NUITS-SAINT-GEORGES, France (Reuters) - Tour de France leader Chris Froome has warned that Sunday’s ninth stage, a punishing trek in the Jura mountains will be “very decisive” for the general classification.
The Team Sky rider leads team mate and fellow Briton Geraint Thomas by 12 seconds with Fabio Aru, who made quite an impression when he prevailed in the first summit finish on Wednesday, in third place 14 seconds off the pace.
But the first big rendezvous between the top guns is expected on Sunday, when the peloton goes up the Col de la Biche (10.5km at an average gradient of 9 percent), the Col du Grand Colombier (8.5km at 9.9 percent) and the Mont du Chat (8.7km at 10.3 percent) before a dangerous descent into Chambery.
“It is going be an important block these next two days but Sunday’s stage will be very decisive with a lot of climbing and we will see a lot of damage,” said Froome, who won the Tour in 2013, 2015 and 2016.
Froome and all of his rivals — with the notable exception of Nairo Quintana — got a feel of the stage during last month’s Criterium du Dauphine when the race went up and down the Mont du Chat.
“If anything it was more of getting a feel of the climb to the Mont du Chat and the descent,” said Froome.
“I’m certainly grateful that I have seen the climb. I know what I’m up against. But it is going to be much tougher than on the Dauphine because of the climbs that come before.”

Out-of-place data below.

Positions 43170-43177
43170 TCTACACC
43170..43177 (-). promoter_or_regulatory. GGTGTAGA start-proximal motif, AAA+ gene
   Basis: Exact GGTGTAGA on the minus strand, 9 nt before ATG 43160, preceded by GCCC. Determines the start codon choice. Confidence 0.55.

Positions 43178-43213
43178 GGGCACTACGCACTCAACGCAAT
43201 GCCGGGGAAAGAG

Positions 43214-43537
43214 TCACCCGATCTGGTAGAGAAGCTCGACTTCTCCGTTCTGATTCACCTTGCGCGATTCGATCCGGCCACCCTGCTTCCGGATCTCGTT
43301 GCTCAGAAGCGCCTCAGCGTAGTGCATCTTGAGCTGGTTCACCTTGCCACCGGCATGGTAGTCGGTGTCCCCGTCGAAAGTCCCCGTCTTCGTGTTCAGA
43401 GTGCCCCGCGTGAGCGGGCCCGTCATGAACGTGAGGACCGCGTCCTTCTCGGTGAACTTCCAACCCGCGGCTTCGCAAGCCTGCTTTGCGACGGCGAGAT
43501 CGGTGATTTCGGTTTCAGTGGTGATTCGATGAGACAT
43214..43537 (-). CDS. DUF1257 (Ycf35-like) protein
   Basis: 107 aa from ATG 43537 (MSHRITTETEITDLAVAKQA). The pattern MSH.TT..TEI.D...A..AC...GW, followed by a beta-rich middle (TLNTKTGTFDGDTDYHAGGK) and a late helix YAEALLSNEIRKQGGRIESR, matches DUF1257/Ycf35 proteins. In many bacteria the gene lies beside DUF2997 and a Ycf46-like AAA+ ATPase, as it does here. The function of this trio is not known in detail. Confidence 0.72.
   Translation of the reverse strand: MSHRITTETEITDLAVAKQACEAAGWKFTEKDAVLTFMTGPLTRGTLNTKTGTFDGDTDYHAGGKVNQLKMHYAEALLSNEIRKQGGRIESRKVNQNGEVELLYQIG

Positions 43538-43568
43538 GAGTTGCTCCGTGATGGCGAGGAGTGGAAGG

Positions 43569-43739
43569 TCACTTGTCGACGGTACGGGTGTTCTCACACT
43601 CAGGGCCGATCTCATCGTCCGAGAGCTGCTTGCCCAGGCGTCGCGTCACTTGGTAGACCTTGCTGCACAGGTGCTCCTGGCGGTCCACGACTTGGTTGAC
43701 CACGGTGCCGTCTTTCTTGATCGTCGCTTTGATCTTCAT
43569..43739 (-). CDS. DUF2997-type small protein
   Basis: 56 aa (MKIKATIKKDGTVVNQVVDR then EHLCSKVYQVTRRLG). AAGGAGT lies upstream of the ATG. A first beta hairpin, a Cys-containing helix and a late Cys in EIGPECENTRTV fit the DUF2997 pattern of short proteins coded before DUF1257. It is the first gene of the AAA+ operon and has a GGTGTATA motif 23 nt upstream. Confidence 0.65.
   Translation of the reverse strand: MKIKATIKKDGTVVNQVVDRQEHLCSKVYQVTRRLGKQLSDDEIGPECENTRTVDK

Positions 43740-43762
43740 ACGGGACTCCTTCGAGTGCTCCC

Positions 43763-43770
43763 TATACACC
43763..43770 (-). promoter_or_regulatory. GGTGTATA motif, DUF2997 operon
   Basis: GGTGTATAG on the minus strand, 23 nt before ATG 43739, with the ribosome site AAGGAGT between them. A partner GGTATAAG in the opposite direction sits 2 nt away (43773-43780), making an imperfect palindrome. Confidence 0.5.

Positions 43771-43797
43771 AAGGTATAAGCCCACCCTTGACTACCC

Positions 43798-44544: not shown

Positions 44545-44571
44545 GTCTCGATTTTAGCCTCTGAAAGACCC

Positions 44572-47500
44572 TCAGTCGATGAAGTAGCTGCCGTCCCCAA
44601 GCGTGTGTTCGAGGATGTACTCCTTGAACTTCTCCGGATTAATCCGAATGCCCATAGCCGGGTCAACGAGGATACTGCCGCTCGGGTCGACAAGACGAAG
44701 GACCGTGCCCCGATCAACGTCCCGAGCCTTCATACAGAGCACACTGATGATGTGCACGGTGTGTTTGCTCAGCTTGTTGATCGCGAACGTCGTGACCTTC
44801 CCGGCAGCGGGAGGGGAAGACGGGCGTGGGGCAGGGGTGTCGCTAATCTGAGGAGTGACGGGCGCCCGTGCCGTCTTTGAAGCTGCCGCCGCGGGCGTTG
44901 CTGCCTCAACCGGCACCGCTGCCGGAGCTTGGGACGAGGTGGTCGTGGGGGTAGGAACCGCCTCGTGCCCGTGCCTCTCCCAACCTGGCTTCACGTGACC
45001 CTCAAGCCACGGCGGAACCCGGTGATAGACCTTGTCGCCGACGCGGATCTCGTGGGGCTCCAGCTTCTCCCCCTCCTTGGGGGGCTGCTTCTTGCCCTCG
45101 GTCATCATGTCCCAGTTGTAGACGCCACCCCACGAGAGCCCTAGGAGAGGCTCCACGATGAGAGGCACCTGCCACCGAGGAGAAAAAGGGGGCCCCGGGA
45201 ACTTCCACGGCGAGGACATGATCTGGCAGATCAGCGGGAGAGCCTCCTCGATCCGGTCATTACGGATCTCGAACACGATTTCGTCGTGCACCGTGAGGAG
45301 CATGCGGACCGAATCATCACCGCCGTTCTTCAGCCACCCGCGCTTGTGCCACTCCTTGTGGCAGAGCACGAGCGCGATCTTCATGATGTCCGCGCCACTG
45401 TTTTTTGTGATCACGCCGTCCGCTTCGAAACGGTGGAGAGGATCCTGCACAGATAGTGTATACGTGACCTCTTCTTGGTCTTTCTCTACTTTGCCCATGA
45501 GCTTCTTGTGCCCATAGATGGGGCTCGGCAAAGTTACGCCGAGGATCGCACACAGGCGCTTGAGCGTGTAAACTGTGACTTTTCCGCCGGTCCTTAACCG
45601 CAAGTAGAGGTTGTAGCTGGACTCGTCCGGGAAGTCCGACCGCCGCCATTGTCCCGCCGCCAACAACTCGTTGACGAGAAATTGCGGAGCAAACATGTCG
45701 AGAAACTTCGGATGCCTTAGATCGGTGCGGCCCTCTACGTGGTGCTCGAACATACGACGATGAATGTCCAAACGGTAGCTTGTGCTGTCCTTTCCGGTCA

On Wednesday Froome possibly underestimated Italian Aru as he let the Astana rider pedal away up La Planche des Belles Filles, but he now considers himself as having been warned.
“He’s very close in the GC (general classification), I will need to pay attention to him. (Last year’s runner-up Romain) Bardet knows the Mont du Chat descent very well, too,” he said.
France’s Bardet knows the area as his team is based near Chambery but Froome is confident his team can control the stage.
“Thankfully we haven’t had to do a lot of riding in the front because the sprinters’ teams controlled several stages and BMC took it on in the only mountain stage,” he said, referring to Australian Richie Porte’s team.
“Relatively speaking the (Team Sky) guys are still fresh, that’s a blessing for us.”
Aru will not be the only man to watch, though.
“Certainly Fabio Aru is threatening and looking at the GC he is my closest rival but at this point I would not say he is any more of a threat than Richie,” Froome said.
“It’s still very close in the top 10 but this weekend we will see where everyone is at.”
Reporting by Julien Pretot; Editing by Ken Ferris